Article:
The thin wool hiking skirt I wore above soggy leggings was soaked but still warm to my knees. But a layer of nylon pants added when we stopped, now funneled rain directly into my boots. Pushed by my hood and drenched, my hat kept rolling down and covering my eyes. None of our rain jackets provided any barrier to this deluge.

At first we skirted puddles, then just plowed through, stopping no option. (It must be so beautiful in that valley on a clear day, but now mist muffled the mountains to either side. I’d imagined a walk where I thought about my ancestors tending sheep or farms along this way long ago – instead I thought about their endurance!) Pages from the route booklet, quickly turning to pulp in my pocket, indicated a “forest” a little more than a mile ahead.

At the forest – just a small plantation of conifers – not the sheltering stand of trees we’d hoped for, we caught up with the Lady B and her family, brought to a stop after the Bob’s front tire exploded. Lady B allowed as how she could walk, and her dad could push the Bob on its back wheels.

And so she did. The wind lessened a little as we headed down, but the rain still poured. At a bend in the road, we crossed a river on a little bridge by a farm and headed up a narrow trail (tough going for the Bob), and suddenly we could make out the coastline of Dingle Bay!

But we rounded a bend and found the trail become a watercourse, rushing with strong current steeply downhill. Always intrepid, the Sweet Bride, plunged right through, and Mrs. Hughes as well – while lifting Lady B across. Mr. Carson came back to guide me.

And then we were down! The wind picked up again by the sea, and rain teemed as we crossed a road to see waves crashing on the sandy expanse of Inch Beach – and the welcome shelter of Sammy’s Pub and Restaurant.

Mr. Carson unloaded Baby Brother, stuffed a bar in his pocket, and ran back up the mountain to help the others (arriving just as they reached the washed out trail). The rest of us, thrilled to be out of the storm, commiserated about our new understanding of “soaked to the skin,” ate chocolate chip cookies and carrot cake from Sammy’s large pastry case, drank hot chocolate and pots of tea – and dripped. Mrs. Hughes discovered her waterproof backpack nicely held a puddle of water at the bottom. My cell phone in a small plastic bag stayed dry, but the big garbage bags on the packs proved worthless.

Unexpectedly, Peter Galvin showed up with a pile of dry towels – soon followed by the van for our ride to Dingle. It must be a spectacular drive from Inch to Dingle – wild ocean and layers of mountains in the distance – but invisible this day as the van’s windows fogged from our damp.

The landlady of the guesthouse in Dingle greeted me, disheveled guest, with understandable irritation, “One really shouldn’t be about in this weather,” but her showers were lovely and hot.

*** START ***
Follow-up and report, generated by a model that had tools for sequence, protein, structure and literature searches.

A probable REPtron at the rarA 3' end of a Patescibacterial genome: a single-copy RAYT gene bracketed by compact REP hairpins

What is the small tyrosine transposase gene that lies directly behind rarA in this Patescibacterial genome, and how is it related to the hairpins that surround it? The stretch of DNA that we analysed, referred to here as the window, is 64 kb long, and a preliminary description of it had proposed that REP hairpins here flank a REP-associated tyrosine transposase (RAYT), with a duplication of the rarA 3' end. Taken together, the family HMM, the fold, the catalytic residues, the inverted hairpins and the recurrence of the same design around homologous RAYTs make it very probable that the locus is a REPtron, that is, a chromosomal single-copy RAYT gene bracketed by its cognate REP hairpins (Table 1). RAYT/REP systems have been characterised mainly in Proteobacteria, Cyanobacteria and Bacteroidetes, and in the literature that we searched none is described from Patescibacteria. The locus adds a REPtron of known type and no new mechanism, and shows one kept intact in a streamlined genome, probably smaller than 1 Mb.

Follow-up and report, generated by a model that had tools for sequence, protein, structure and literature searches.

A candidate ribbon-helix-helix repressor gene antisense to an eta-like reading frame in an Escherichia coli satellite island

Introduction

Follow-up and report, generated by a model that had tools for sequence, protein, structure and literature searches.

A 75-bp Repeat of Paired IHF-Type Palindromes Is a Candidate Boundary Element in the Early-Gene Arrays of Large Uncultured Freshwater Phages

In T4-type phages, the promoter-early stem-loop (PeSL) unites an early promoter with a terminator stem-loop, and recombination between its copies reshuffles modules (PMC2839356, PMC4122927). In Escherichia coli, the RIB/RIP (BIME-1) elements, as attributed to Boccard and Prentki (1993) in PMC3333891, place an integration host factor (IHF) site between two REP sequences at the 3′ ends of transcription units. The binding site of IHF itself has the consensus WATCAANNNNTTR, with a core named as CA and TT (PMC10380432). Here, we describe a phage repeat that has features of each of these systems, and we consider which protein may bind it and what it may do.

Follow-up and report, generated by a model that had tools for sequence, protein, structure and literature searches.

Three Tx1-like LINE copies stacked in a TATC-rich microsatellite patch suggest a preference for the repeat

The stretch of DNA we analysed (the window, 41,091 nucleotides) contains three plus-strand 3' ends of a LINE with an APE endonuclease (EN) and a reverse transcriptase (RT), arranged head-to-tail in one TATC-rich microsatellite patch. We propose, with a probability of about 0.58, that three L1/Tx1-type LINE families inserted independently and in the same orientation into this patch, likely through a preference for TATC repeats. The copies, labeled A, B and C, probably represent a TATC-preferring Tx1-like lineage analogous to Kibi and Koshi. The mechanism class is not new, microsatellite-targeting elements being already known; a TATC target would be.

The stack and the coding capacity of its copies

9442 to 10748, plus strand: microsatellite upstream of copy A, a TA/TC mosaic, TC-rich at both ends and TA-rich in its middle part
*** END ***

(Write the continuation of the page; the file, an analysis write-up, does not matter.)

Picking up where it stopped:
At dinner, out of the Dingle rain and warm in a busy pub, revisiting the day (the coldest he’d ever been according to the trail boss who broke mountain rules with a cotton shirt), I learned that Sweet Baby and Baby Brother, cozy in their packs, slept nearly all the way through the tempest. His mom told us Baby Brother sighed and said: “This is nice!” as she placed the protecting blanket. Sweet Baby, when she woke, chatted, made numerous unfillable requests to see her mom or to get down and walk, and cautioned Papa Jim on the steep downhills. Lady B slogged through puddles and mud – resolute.

It was a memorable day!

Ireland Part One – Arrival

My mother’s parents came separately from Ireland to America in the late 1800s (part of the huge emigration caused by the potato famine). My great-grandmother, Kate Barton (only 14 when she left), met and married Thomas Scanlon here. Although unknown to each other in Ireland, both came from the Dingle Peninsula in County Kerry, from hamlets near a short spit of land in Dingle Bay called Inch.

When I read about the beauty of the Dingle Peninsula, I began to dream of another family walk. Wonderful Ireland Walking Holidays, the company we used to walk on the Wicklow Way last year, offers a route along the Dingle Way (a 100-mile long-distance trail around the peninsula, linking footpaths, beach traverses, and small roads). Peter Galvin, the helpful owner of Wonderful Ireland, tailored a route for us, selecting portions negotiable by the Bob stroller.

We all arrived in Cork on the south coast of Ireland on the same blustery day – the Alaskans via Reykjavik, Dublin, and a tough, three-hour bus ride. The rest of us touched down at Heathrow and flew on to Cork.

By evening, as the first rain in Ireland for months settled over the city, we ate together at a pizza place in the old part of Cork. The reunited cousins were so glad to see one another, and Baby Brother spotted the first of many pieces of heavy equipment – luckily internationally available to please this two-year old. For a jet-lagged crew, spirits were remarkably high.

The morning brought an uproarious breakfast – if you are six and three and two, a repeated silly phrase brings noisy peals of laughter – in this case occasioned by Sweet Baby renaming her grandfather “Papa Jammy.” (So much fun to hear all that laughter.)